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4CPS-114 Sublingual administration of tacrolimus in liver transplant patient with intestinal malabsorption: a case report
  1. A Merchán,
  2. L SOPENA,
  3. MA Allende Bandrés,
  4. MA Alcácera López,
  5. M Arenere Mendoza,
  6. I Navarro Pardo,
  7. MP Aibar Abad,
  8. MP Monforte Gasque,
  9. E Fernández Alonso,
  10. T Salvador Gómez
  1. Hospital Clínico Universitario Lozano Blesa, Pharmacy, Zaragoza, Spain


Background and Importance A combination of a calcineurin inhibitor with an antimetabolite and corticosteroids is the standard immunosuppression regime after liver transplant. Therapeutic drug monitoring (TDM) is recommended for tacrolimus due to its narrow therapeutic margin in order to avoid transplant rejection.

Aim and Objectives To report a case of a liver-transplant patient that required sublingual tacrolimus owing to intestinal malabsorption to reach therapeutic levels.

Material and Methods A 37-year-old woman with history of obesity and bariatric surgery (gastric bypass with union of ileum to stomach) was admitted to our centre in January 2023 with the diagnosis of fulminant liver failure and received an emergency transplant. Prolonged-release tacrolimus tablets 0.1 mg/kg/day (with subsequent adjustments according to blood trough concentrations), intravenous mycophenolate mofetil 1000 mg/12 hours, and intravenous methylprednisolone were initiated. During her evolution, she presented sustained sub-therapeutic tacrolimus concentrations (target trough concentrations for the first 4 weeks post-transplant when combined with mycophenolate and corticosteroids: 6–10 ng/mL) (figure 1A), as well as elevated levels of transaminases, which together with a biopsy confirmed a type II acute rejection and was re-transplanted in February 2023. Given the suspicion of tacrolimus malabsorption due to her history of bariatric surgery, alternatives were sought. A systematic review 1 concluded that sublingual administration of immediate-release tacrolimus was an adequate strategy to reach therapeutic levels in lung and kidney transplant patients with a 1:2 sublingual: oral ratio. The Pharmacy Service proposed switching to immediate-release tacrolimus capsules and sublingual administration.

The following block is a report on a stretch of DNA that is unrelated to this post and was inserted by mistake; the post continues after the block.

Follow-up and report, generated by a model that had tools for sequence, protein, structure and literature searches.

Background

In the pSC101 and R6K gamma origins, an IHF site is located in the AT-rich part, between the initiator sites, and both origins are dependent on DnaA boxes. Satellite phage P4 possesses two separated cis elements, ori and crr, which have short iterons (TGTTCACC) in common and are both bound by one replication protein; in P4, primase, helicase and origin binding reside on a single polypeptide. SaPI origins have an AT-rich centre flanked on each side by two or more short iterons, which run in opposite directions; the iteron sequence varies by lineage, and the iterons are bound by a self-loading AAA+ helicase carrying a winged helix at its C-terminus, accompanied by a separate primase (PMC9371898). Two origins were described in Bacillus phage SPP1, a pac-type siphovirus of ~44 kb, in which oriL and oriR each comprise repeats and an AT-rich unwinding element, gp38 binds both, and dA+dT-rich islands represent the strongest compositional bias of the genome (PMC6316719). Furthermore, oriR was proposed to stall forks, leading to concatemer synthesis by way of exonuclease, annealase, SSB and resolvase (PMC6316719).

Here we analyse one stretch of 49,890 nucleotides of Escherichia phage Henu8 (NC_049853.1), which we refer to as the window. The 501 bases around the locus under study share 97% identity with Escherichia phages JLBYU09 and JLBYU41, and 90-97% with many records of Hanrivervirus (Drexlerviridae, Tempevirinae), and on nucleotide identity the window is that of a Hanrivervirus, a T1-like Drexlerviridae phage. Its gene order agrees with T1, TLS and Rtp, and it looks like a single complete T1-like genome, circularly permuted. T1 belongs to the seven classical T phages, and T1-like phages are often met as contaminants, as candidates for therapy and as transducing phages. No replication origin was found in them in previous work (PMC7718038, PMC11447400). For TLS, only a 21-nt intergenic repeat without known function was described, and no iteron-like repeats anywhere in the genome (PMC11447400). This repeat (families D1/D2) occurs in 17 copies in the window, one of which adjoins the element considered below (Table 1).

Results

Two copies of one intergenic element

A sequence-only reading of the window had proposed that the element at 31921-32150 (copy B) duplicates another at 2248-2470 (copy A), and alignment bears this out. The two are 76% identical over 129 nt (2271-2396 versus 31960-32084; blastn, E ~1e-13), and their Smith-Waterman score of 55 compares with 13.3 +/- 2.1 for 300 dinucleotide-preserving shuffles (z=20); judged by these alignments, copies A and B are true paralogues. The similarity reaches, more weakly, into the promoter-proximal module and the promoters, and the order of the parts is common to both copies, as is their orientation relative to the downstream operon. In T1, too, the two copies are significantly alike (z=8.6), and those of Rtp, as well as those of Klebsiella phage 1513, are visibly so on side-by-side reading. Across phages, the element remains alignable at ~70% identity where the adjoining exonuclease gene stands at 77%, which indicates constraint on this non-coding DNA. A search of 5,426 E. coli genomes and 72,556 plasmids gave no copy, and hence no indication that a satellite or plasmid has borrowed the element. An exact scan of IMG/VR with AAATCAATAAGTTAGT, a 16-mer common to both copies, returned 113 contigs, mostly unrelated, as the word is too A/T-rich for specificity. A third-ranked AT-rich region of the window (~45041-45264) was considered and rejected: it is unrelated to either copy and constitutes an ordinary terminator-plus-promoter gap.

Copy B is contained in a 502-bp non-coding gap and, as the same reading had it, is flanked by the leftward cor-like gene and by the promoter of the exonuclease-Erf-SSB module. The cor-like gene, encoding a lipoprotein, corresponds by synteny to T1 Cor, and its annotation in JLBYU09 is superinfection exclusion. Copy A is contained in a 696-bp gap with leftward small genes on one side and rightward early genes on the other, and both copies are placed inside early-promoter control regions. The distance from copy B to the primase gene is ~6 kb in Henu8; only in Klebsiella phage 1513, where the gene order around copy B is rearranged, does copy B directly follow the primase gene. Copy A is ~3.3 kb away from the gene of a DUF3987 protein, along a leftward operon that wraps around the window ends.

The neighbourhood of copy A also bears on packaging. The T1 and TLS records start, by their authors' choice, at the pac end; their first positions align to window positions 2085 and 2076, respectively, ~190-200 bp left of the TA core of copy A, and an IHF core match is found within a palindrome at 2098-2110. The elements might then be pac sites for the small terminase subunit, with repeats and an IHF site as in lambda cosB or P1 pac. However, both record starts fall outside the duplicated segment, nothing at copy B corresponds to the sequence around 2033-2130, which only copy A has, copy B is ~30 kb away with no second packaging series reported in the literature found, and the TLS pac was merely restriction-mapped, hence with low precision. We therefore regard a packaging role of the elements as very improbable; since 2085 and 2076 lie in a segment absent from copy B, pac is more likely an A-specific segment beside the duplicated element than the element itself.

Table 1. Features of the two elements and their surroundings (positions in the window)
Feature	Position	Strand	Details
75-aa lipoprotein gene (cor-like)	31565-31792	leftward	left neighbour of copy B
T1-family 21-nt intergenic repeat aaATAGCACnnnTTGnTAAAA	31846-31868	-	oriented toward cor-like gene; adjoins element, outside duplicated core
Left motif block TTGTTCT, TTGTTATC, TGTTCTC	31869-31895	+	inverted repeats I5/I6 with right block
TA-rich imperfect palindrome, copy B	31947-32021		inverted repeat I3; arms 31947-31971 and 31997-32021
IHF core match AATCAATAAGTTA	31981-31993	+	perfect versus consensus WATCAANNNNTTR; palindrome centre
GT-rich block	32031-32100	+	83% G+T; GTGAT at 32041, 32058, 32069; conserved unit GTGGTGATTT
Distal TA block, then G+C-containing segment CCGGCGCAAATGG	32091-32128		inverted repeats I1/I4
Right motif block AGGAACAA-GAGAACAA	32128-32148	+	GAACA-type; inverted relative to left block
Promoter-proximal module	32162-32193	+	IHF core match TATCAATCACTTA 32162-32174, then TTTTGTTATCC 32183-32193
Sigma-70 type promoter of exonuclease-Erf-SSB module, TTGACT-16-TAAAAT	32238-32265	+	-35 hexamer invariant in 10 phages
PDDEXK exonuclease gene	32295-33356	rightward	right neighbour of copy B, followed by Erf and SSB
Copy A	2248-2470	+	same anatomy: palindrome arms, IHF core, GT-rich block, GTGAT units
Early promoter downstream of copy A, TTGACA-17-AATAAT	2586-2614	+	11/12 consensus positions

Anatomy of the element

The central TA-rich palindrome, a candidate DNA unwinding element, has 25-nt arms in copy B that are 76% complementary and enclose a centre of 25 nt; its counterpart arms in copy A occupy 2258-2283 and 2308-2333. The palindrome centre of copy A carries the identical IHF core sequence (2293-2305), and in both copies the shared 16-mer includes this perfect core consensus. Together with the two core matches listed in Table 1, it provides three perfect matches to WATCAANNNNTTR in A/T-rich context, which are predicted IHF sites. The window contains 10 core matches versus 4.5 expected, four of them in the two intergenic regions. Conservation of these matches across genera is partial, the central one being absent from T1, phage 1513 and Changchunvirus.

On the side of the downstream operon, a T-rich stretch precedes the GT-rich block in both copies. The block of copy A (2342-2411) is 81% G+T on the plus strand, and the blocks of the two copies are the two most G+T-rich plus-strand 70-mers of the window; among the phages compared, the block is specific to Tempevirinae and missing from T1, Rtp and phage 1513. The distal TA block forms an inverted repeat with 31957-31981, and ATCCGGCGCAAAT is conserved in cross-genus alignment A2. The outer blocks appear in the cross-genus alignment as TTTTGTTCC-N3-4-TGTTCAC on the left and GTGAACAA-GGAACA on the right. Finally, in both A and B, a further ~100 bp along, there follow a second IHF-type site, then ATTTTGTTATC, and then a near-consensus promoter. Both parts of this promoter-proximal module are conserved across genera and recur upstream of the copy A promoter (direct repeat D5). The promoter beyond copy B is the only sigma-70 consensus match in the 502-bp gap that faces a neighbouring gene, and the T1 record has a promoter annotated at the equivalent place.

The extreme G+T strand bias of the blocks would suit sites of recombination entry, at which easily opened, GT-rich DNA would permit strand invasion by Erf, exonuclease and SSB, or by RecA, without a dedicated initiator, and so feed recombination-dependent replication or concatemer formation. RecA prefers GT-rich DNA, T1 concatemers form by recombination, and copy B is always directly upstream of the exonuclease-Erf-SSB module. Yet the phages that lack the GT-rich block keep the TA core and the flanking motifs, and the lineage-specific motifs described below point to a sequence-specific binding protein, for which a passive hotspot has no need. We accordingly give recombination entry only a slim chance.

Results 3 mg/12 hours sublingual tacrolimus was started (previous prolonged-release tacrolimus dose: 12 mg/day) with subsequent adjustment according to TDM results. Capsules content was deposited under patient‘s tongue, avoiding swallowing for 15 minutes and drinking liquids for 30 minutes. Sustained therapeutic levels of tacrolimus were reached (figure 1B) and a progressive decrease in transaminases was observed until reaching normal range values.

Conclusion and Relevance Sublingual administration of tacrolimus could be a feasible strategy to reach therapeutic levels in patients with intestinal malabsorption and avoid possible rejections.

References and/or Acknowledgements 1. Pennington CA, Park JM. Sublingual tacrolimus as an alternative to oral administration for solid organ transplant recipients. Am J Heal Pharm. 2015;72(4):277–84.

Conflict of Interest No conflict of interest.

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